The other yellow status indicator as of 12/31/2013 was government fiscal policy, more precisely the rate of growth in government spending.  It may come as a surprise to investors, but the yellow status is actually a result of the increase in government spending being too low, not too high, at the beginning of 2014.  Government austerity is a deflationary force on the economy.  The last time the government decreased its rate of spending growth to zero or below was in 1946, and a major market correction did occur in that time period.  Since that time, however, the rate of increase in government spending always increased at a healthy pace, until 2012 and 2013, and was usually more likely an inflationary rather than deflationary instigator.

Other than the unknown budget busting potential of the Affordable Care Act, the present growth in government spending appears to remain on course to stay well below historical levels in 2014.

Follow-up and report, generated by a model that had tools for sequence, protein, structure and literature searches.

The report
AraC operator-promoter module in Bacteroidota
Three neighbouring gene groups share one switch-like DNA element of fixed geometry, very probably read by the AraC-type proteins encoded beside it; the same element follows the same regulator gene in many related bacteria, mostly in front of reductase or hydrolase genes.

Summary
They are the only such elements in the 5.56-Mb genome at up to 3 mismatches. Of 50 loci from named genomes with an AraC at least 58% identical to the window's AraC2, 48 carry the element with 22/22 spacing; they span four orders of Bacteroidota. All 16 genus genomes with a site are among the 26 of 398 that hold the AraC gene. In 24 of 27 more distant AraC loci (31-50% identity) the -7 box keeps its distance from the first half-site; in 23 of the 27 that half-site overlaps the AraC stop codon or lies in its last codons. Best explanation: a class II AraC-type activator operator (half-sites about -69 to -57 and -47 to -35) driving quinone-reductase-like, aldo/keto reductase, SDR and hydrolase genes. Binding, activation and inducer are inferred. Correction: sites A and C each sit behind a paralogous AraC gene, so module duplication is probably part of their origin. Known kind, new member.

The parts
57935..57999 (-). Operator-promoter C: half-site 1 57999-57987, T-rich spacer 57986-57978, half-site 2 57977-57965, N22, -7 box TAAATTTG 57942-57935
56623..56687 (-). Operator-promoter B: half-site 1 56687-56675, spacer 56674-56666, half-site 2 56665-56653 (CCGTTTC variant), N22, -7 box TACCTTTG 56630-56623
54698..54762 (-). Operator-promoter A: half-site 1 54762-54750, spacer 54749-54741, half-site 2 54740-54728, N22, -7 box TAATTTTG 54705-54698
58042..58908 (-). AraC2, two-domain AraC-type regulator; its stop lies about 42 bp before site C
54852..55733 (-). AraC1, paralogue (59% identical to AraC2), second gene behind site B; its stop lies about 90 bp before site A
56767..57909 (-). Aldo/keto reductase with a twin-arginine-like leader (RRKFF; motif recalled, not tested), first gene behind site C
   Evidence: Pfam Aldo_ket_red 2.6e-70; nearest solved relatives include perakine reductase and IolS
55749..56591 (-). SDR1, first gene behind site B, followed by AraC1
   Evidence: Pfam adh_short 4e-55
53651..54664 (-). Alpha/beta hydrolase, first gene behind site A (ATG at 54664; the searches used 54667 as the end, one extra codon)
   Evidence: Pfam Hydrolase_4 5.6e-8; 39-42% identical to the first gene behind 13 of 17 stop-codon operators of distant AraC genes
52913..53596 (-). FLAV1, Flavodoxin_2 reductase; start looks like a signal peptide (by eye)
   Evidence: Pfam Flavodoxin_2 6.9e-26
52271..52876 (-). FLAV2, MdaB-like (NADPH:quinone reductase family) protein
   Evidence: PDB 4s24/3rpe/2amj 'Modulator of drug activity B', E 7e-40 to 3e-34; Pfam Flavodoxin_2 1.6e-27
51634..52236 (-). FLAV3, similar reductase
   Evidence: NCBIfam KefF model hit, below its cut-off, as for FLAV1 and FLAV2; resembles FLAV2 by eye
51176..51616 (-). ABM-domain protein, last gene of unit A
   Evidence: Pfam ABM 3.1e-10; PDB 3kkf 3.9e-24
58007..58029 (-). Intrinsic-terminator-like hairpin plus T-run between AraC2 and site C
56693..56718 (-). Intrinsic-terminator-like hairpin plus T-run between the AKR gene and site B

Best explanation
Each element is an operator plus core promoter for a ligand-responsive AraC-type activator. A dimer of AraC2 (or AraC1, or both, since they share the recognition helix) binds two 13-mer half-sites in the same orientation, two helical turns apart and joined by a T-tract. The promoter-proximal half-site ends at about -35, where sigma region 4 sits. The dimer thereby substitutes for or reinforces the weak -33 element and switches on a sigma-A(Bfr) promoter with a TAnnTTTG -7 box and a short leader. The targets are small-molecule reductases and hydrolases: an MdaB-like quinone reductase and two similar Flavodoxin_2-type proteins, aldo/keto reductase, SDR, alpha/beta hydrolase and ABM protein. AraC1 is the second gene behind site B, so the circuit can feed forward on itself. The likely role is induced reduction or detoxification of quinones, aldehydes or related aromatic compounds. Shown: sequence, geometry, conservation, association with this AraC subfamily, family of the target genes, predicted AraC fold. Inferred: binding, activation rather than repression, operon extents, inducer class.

Market Signal Changes during week ending 1/24/2014

During the 3rd week of 2014 the major market indexes all showed increasing weakness, with the DOW dropping below 16,000 on 1/24 while posting a 300 point drop, more than 3.5%.  The pull-back in the markets for riskier assets was not entirely a surprise to market investors, coming on the heels of a year in which the S&P 500 posted a 29.7% gain, and the DOW was also up over 20%.  But the severity and quickness of the downward move in the DOW, in light of the repeated poor revenue growth projections by many DOW component companies which do not reflect an economy that can justify such large upswings in equity advances, is cause for heighten concern.  Because of the accelerating pace of decline in the stock indexes, the DOW signal was moved to a cautionary status.  If the major indexes continue to slide, which is the current momentum trade, and approaches 15000 within the next 90 days, the signal will move to a clear red status.